National University




General Course Information for CJA620: Legal Issues in CJ

Course: CJA620 - Legal Issues in CJ
Textbook: For the correct edition of the textbook assigned to a specific class, go to: http://www.nutextdirect.com

Course Description: An assessment of legal issues, legal terminology and analysis of court decisions involving criminal justice agencies' exposure to criminal or civil liability involving wrongful death, wrongful termination, police corruption, and discrimination lawsuits.
Course Learning Outcomes:
  • Compare and assess the differences between various forms of legal systems.
  • Evaluate the roles placed by the different state and federal trial courts and appellate courts.
  • Assess the selection process of judges and the various roles of prosecutors and public defenders.
  • Evaluate and assess the success of the various specialized courts including the juvenile courts and the role of the attorneys in plea bargaining.
  • Analyze court decisions involving police or criminal justice agencies in terms of criminal sanctions.
  • Compare court decisions involving civil liability and wrongful death cases.
  • Appraise issues involving wrongful termination, police corruption, and discrimination lawsuits.
Specified Program Learning Outcomes:
  • MASTER OF CRIMINAL JUSTICE
    • Analyze court decisions involving police or criminal justice agencies in terms of criminal sanctions.
    • Analyze issues of police morale, motivation, retention, selection and recruitment.
    • Develop oral, written, and technological communication for criminal justice professionals.
    • Evaluate and compare the American criminal justice system with other criminal justice systems.
    • Evaluate and determine what should be the consequences of unethical conduct by police officers.
    • Evaluate disciplinary, theoretical, criminological, and philosophical foundations in the management of criminal justice.
    • Evaluate the managerial practices that have shaped the criminal justice professions.
    • Utilize critical thinking and problem solving skills to identify quality scholarship and research in the field of criminal justice.

Students with Disabilities:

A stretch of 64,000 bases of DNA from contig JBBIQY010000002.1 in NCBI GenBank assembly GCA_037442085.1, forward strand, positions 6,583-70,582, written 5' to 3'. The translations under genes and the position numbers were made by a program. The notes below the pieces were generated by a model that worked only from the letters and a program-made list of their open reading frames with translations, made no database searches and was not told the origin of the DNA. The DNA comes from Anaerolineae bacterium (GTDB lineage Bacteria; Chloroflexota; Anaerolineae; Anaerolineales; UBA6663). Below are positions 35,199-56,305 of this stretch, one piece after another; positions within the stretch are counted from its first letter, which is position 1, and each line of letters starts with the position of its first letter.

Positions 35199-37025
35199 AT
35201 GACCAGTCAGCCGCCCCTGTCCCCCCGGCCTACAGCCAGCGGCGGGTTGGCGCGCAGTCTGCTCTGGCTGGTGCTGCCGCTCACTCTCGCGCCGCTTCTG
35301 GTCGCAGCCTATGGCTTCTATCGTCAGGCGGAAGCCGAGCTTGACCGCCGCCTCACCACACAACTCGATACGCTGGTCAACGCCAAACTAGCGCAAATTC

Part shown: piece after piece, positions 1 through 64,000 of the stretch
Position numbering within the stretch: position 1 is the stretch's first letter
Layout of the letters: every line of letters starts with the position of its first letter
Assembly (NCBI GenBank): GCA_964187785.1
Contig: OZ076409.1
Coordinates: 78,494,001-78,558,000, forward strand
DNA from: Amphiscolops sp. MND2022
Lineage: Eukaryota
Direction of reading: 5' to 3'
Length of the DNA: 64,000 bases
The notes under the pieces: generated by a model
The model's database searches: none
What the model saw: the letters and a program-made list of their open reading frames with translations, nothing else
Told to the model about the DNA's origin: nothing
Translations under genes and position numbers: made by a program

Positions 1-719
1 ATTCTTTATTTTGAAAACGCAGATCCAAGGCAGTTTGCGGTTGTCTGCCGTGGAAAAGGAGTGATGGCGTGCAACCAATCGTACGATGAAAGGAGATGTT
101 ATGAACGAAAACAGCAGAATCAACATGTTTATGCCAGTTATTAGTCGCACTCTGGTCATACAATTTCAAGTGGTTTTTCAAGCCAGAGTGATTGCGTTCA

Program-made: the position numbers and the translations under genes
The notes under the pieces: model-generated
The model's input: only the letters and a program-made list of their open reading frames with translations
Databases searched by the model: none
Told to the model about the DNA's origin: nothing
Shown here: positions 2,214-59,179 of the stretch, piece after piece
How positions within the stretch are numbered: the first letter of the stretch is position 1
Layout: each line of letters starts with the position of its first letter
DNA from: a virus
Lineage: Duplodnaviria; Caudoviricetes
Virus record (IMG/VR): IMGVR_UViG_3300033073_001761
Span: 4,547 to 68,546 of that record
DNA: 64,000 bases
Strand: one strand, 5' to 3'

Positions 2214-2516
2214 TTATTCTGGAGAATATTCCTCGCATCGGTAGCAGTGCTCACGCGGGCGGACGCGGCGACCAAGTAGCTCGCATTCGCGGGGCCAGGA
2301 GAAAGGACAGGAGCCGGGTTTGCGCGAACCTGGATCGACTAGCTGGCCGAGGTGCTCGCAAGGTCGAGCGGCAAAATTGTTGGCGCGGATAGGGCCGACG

Students seeking special accommodations due to a disability must submit an application with supporting documentation, as explained under this subject heading in the General Catalog. Instructors are required to provide such accommodations if they receive written notification from the University.

Writing Across the Curriculum:
Students are expected to demonstrate writing skills in describing, analyzing and evaluating ideas and experiences. Written reports and research papers must follow specific standards regarding citations of an author's work within the text and references at the end of the paper. Students are encouraged to use the services of the University's Writing Center when preparing materials.

The following website provides information on APA, MLA, and other writing and citation styles that may be required for term papers and the like: http://nu.libguides.com/citations

National University Library:
National University Library supports academic rigor and student academic success by providing access to scholarly books and journals both electronically and in hard copy. Print materials may be accessed at the Library in San Diego or through document delivery for online and regional students. Librarians are available to provide training, reference assistance, and mentoring at the San Diego Library and virtually for online or regional students. Please take advantage of Library resources:

URL: http://www.nu.edu/library.

Contact the Library:

  • RefDesk@nu.edu
  • (858) 541-7900 (direct line)
  • 1-866-NU ACCESS x7900 (toll free)

Use the Library Training Tools (on the Library Homepage) for additional help

  • Recorded class presentations
  • Tutorials & Guides (APA/MLA, Peer-Review, and more)

Plagiarism:
Plagiarism is the presentation of someone else's ideas or work as one's own. Students must give credit for any information that is not either the result of original research or common knowledge. If a student borrows ideas or information from another author, he/she must acknowledge the author in the body of the text and on the reference page. Students found plagiarizing are subject to the penalties outlined in the Policies and Procedures section of the University Catalog, which may include a failing grade for the work in question or for the entire course. The following is one of many websites that provide helpful information concerning plagiarism for both students and faculty: http://www.indiana.edu/~wts/pamphlets/plagiarism.shtml

Ethics:
Ethical behavior in the classroom is required of every student. The course will identify ethical policies and practices relevant to course topics.

Technology:
Students are expected to be competent in using current technology appropriate for this discipline. Such technology may include word processing, spreadsheet, and presentation software. Use of the internet and e-mail may also be required.

Diversity:
Learning to work with and value diversity is essential in every class. Students are expected to exhibit an appreciation for multinational and gender diversity in the classroom.

Civility:
As a diverse community of learners, students must strive to work together in a setting of civility, tolerance, and respect for each other and for the instructor. Rules of classroom behavior (which apply to online as well as onsite courses) include but are not limited to the following:

  • Conflicting opinions among members of a class are to be respected and responded to in a professional manner.
  • Side conversations or other distracting behaviors are not to be engaged in during lectures, class discussions or presentations
  • There are to be no offensive comments, language, or gestures